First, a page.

Rollick along from 1990 to 1993 and meet this vivid gallery of movers and shakers, makers and breakers:
* Jay Leno (played by Daniel Roebuck) is the epitome of a nice guy. But he is no pushover for the powerful people around him as he vies for Carson's spot on NBC; he is clearly capable of shrewdly defending his own interests.
* David Letterman (John Michael Higgins), Leno's only competition for Carson's crown, is desperately insecure and chronically uneasy. But he is as relentless as Leno in pursuing his ambitions - his desire to move from the late-night show on NBC to Carson's program.
* Helen Kushnick (Kathy Bates), Leno's longtime agent, lifts vulgar language to the level of an art form as she belittles and abuses anyone bold enough to oppose any of her moves to advance her man up the ladder. From her first scene to her last, virtually everything she says in this show is unprintable.
* Hollywood agent Michael Ovitz (Treat Williams) makes Machiavelli look like a tyro as he lays out for Letterman a course toward the stars. The two-minute scene in which Letterman first meets Ovitz is a dazzling little gem of timing, delivery, and selection of camera angles.
* CBS president Howard Stringer (Peter Jurasik) is intelligent, decent and purposeful as he strives to create a new show for Letterman to compete against Leno on NBC.
* Johnny Carson (Rich Little) is a national icon, worshiped by both Leno and Letterman. In the end, when Letterman can't decide whether to stay with his longtime employer, NBC, or go with his new suitor, CBS, it is Carson who points out the path he chooses to take.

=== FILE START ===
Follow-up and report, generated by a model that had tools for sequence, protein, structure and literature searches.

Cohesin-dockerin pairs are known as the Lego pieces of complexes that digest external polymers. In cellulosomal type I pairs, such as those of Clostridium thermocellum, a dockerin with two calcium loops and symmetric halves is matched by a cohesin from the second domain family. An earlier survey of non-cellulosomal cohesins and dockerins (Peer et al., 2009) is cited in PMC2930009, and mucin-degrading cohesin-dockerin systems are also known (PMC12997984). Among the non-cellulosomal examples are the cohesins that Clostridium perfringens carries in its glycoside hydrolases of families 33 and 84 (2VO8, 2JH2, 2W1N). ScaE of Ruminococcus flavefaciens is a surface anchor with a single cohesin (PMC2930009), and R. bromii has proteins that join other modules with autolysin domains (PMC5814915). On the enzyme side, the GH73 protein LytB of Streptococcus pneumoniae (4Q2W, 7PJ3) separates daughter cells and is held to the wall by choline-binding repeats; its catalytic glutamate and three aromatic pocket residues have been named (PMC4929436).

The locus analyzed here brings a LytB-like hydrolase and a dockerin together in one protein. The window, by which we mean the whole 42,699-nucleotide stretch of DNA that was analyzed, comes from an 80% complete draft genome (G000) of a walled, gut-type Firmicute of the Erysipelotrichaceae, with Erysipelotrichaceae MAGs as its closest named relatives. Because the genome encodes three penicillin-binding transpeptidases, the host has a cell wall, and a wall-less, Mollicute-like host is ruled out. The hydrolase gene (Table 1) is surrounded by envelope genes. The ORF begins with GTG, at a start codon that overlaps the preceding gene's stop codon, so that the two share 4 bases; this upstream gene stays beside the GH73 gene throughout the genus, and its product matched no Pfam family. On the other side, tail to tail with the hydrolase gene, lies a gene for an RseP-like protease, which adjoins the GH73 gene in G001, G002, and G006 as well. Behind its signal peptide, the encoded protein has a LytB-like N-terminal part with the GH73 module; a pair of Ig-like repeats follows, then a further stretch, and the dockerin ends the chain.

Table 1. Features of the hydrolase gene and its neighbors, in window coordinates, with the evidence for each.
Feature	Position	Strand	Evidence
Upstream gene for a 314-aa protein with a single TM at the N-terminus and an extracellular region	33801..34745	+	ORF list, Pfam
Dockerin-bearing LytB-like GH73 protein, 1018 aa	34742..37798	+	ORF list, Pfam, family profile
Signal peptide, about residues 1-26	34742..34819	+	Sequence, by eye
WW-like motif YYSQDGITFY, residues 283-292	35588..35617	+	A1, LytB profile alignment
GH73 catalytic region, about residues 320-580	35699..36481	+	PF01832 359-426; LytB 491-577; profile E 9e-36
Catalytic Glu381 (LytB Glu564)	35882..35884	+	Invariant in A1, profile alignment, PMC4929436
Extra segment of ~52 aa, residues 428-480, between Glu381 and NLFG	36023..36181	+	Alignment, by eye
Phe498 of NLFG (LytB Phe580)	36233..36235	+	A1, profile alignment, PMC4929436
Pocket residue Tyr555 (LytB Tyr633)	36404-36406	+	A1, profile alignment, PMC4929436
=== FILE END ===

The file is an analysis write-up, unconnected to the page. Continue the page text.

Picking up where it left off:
* Warren Littlefield (Bob Balaban), president of NBC's entertainment division, and John Agoglia (Reni Santoni), president of NBC Productions, are the Mutt and Jeff of The Late Show, belittled and berated by both Kushnick and Letterman. But in the end, after many others around them have fallen or moved on, they are still sitting there raking in chips as the peacock network posts the highest profits in its history.
Anyone seriously interested in television's bottom line, and how it is reached, will find much that is fascinating in The Late Shift. But the financial details never become burdensome to a viewer, with just enough detail doled out to make the big picture clear but uncrowded.
The battle between Leno and Letterman for Carson's mantle left both men bruised but unbowed. Leno tells an assemblage of TV critics: ``Welcome to NBC, which stands for `Never Believe Your Contract.' '' As Letterman walks the three blocks in midtown Manhattan that separate the headquarters of NBC and CBS, he tells two cronies: ``Gentlemen, we are just going from one bizarre circumstance to the next.''
The Late Shift does not conduct a search party for villains, although Kushnick sure looks like the agent from hell. But as NBC forces Leno to fire her, her side of the story is included as she bluntly tells the man she made famous: ``You just want me to keep serving you the steaks; you never want to know how I'm slaughtering the cow.''
The Late Shift serves up filet mignon, and also shows you how they kill the kine.